In 1876, Jules Verne published his novel Michael Strogoff, whose plot takes place during a fictional uprising and war in Siberia. Verne included among the book's characters a war correspondent of The Daily Telegraph, named Harry Blount—who is depicted as an exceptionally dedicated and brave journalist, taking great personal risks to follow the ongoing war and bring accurate news of it to The Telegraph's readership, ahead of competing papers. In 1908, Kaiser Wilhelm II of Germany gave a controversial interview to The Daily Telegraph that damaged Anglo-German relations and added to international tensions in the build-up to World War I. In 1928 the son of Baron Burnham, Harry Lawson Webster Levy-Lawson, 2nd Baron Burnham, sold the paper to William Berry, 1st Viscount Camrose, in partnership with his brother Gomer Berry, 1st Viscount Kemsley and Edward Iliffe, 1st Baron Iliffe. In 1937, the newspaper absorbed The Morning Post, which traditionally espoused a conservative position and sold predominantly amongst the retired officer class.
William Ewart Berry, 1st Viscount Camrose, bought The Morning Post with the intention of publishing it alongside The Daily Telegraph, but poor sales of the former led him to merge the two. For some years the paper was retitled The Daily Telegraph and Morning Post before it reverted to just The Daily Telegraph. In the late 1930s Victor Gordon Lennox, The Telegraph's diplomatic editor, published an anti-appeasement private newspaper The Whitehall Letter that received much of its information from leaks from Sir Robert Vansittart, the Permanent Under-Secretary of the Foreign Office, Rex Leeper, the Foreign Office's Press Secretary; as a result, Gordon Lennox was monitored by MI5. In 1939, The Telegraph published Clare Hollingworth's scoop. In November 1940, with Fleet Street subjected to daily bombing raids by the Luftwaffe, The Telegraph started printing in Manchester at Kemsley House, run by Camrose's brother Kemsley. Manchester quite printed the entire run of The Telegraph when its Fleet Street offices were under threat.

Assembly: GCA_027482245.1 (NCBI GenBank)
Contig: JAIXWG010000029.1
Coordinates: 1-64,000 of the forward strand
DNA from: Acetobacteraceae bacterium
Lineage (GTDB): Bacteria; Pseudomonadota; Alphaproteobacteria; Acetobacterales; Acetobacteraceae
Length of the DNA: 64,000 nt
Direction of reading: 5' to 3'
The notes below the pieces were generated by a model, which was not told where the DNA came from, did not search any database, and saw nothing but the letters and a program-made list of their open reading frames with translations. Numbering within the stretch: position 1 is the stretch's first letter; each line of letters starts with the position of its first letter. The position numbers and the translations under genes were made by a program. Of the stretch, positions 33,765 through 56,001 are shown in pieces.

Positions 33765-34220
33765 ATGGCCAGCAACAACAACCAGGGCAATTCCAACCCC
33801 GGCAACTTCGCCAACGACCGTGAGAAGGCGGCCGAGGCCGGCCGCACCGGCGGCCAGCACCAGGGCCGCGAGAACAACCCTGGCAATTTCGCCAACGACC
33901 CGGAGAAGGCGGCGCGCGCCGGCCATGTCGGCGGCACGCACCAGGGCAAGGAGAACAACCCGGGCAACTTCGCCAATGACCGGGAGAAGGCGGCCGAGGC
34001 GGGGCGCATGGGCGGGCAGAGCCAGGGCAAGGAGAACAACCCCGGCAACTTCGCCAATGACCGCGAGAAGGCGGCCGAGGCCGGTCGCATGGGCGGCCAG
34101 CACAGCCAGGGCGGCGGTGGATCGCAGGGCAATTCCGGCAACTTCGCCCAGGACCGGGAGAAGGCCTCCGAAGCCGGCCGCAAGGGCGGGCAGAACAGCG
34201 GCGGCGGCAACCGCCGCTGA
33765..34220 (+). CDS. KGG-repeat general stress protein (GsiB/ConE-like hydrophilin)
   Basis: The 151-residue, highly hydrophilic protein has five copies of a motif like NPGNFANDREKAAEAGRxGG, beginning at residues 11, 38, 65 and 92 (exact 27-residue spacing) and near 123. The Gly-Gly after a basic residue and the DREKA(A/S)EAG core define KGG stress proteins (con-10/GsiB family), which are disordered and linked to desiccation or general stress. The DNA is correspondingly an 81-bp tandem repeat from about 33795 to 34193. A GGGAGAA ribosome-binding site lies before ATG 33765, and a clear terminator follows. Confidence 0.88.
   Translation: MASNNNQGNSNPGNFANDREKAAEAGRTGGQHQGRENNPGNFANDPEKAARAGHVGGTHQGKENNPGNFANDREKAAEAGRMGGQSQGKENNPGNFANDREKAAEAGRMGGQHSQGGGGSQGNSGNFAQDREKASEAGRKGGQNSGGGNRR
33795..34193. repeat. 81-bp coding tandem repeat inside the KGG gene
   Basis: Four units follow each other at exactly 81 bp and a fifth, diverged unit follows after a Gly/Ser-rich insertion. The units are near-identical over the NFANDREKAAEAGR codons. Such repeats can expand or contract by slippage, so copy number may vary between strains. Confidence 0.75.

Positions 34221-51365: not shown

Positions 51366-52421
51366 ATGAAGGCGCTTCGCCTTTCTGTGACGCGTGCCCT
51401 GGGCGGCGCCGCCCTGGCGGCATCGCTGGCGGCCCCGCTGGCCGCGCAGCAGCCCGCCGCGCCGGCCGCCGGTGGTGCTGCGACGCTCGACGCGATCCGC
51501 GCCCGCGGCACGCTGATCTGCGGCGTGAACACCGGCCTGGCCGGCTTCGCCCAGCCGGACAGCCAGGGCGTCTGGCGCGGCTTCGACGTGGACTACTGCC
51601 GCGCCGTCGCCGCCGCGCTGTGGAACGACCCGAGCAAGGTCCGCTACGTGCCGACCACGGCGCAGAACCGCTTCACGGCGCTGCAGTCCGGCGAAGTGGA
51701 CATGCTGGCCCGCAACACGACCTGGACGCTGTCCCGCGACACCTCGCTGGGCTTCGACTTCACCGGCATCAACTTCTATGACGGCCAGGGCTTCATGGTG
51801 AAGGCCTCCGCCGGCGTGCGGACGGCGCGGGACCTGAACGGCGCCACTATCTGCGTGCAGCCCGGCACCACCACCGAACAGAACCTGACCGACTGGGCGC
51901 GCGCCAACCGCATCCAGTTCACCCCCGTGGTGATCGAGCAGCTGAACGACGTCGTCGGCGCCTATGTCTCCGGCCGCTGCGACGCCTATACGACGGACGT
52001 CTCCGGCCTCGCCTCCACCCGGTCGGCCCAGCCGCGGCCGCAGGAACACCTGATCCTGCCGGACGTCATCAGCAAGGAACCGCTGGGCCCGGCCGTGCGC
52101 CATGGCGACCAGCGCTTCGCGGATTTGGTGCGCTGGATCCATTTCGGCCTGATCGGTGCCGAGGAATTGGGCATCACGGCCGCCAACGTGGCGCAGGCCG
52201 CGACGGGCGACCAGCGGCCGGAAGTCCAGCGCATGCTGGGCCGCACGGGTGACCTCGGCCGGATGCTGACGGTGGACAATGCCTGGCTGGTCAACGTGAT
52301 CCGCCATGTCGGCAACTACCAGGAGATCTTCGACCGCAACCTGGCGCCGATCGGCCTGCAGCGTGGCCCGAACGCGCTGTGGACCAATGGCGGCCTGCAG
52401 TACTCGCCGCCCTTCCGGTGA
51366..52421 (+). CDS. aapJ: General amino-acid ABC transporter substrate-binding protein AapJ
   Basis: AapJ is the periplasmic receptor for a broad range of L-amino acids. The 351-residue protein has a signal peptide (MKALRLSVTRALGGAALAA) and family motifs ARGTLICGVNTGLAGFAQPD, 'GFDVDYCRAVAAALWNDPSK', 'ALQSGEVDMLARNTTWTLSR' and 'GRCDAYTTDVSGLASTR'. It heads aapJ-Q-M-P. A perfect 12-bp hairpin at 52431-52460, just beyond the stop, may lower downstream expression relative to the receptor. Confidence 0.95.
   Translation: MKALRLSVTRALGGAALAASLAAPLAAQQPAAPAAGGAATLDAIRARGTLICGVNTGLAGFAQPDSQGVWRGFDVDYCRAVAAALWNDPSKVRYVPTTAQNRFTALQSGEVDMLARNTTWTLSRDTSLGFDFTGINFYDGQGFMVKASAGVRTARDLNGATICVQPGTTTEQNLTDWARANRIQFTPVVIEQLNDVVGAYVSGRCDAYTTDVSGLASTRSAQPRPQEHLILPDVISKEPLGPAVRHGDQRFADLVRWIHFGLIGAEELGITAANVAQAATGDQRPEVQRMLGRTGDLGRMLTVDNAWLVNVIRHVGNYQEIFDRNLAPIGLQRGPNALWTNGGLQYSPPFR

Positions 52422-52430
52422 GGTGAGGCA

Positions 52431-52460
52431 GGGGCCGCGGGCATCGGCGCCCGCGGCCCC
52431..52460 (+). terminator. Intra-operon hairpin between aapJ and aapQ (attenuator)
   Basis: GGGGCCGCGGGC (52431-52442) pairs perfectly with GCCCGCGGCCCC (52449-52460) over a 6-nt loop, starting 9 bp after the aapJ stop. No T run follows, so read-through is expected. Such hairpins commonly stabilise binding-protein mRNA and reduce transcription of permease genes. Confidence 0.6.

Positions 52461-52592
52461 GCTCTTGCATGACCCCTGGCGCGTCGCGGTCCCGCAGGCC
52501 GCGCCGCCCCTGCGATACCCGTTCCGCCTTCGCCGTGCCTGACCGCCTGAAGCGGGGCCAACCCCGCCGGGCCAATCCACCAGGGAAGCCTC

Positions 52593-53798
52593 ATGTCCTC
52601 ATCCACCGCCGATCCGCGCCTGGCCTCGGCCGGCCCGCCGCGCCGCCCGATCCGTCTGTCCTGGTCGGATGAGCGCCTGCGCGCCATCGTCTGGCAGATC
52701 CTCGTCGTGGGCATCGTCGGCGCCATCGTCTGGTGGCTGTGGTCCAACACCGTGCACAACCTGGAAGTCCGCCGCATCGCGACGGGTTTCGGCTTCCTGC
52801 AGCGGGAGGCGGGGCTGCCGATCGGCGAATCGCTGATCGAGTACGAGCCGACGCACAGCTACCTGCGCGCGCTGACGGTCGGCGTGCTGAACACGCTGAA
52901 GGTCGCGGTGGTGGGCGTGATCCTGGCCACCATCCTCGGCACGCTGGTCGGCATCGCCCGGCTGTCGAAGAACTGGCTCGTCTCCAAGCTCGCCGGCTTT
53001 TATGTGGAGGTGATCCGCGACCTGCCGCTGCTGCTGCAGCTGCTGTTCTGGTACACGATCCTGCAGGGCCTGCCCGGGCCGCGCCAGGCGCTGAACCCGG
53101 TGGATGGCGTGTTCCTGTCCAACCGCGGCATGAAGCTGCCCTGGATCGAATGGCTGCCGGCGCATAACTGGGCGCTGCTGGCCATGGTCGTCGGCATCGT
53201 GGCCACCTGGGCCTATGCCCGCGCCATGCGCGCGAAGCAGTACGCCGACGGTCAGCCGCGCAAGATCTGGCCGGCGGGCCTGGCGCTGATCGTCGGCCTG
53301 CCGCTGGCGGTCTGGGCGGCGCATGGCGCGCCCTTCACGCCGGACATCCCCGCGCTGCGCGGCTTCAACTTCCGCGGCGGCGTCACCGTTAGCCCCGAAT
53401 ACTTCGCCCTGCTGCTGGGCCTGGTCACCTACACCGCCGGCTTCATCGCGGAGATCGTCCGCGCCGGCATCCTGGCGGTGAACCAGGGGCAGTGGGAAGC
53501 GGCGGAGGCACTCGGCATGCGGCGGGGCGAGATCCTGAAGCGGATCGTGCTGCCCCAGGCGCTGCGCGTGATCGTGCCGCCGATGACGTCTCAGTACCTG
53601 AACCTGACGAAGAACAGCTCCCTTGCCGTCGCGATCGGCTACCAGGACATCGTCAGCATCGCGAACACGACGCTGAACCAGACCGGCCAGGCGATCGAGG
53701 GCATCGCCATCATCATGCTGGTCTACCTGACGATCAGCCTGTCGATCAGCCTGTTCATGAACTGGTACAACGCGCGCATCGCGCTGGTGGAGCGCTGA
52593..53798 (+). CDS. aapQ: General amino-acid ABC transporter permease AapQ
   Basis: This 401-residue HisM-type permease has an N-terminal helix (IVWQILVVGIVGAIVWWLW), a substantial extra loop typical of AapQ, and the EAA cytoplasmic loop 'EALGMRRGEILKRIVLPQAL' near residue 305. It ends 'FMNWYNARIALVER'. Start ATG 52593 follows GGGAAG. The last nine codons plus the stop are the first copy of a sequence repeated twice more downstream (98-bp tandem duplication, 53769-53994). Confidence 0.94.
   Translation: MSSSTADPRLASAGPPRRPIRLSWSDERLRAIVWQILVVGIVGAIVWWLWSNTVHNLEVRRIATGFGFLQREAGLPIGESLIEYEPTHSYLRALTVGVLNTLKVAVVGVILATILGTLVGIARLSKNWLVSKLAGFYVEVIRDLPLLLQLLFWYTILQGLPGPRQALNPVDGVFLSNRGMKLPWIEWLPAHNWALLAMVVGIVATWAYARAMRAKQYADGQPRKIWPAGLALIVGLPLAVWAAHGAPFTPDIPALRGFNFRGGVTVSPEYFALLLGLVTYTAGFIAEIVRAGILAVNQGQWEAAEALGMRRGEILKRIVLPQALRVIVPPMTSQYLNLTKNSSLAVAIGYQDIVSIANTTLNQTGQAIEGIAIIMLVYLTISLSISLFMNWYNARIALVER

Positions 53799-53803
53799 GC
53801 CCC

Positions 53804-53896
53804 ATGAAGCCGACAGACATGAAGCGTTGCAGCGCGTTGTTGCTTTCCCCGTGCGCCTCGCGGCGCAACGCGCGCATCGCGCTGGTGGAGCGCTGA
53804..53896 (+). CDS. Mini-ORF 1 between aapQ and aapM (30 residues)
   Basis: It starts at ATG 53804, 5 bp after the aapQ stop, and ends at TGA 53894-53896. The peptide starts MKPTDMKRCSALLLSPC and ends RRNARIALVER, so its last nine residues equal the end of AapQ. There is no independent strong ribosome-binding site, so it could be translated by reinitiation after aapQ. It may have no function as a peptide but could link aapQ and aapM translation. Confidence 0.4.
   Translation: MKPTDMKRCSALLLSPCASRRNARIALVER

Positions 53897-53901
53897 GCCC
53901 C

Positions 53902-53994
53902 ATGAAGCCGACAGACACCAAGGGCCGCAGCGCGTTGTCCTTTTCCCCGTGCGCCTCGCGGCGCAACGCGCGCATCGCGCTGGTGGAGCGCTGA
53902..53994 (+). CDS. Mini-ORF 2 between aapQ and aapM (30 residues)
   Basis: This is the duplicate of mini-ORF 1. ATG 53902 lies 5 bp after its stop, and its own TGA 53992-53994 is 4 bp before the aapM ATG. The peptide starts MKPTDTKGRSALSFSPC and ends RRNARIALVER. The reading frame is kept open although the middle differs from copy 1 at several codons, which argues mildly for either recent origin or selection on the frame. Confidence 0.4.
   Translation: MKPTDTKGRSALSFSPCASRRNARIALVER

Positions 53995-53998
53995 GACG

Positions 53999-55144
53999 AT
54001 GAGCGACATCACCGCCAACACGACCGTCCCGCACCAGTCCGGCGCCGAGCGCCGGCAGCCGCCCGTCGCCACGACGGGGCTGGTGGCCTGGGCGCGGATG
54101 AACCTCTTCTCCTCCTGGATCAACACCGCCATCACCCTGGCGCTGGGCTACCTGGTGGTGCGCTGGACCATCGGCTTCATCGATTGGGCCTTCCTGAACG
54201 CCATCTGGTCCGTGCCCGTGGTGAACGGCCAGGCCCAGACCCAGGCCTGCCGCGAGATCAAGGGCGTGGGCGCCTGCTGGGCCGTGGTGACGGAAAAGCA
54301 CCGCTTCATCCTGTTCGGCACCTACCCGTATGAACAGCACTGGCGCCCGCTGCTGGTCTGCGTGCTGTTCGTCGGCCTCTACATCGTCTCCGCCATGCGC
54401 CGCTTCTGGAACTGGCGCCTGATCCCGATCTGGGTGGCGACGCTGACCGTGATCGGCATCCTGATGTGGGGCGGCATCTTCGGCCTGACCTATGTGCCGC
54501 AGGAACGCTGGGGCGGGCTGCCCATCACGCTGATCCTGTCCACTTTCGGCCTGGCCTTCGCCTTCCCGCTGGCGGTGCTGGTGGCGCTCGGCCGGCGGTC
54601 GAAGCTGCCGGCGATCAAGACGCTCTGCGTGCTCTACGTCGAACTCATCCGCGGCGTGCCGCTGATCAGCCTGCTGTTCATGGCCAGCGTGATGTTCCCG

The name Kemsley House was changed to Thomson House in 1959. In 1986 printing of Northern editions of the Daily and Sunday Telegraph moved to Trafford Park and in 2008 to Newsprinters at Knowsley, Liverpool. During the Second World War, The Daily Telegraph covertly helped in the recruitment of code-breakers for Bletchley Park; the ability to solve The Telegraph's crossword in under 12 minutes was considered to be a recruitment test. The newspaper was asked to organise a crossword competition, after wh
Bicycle and motorcycle dynamics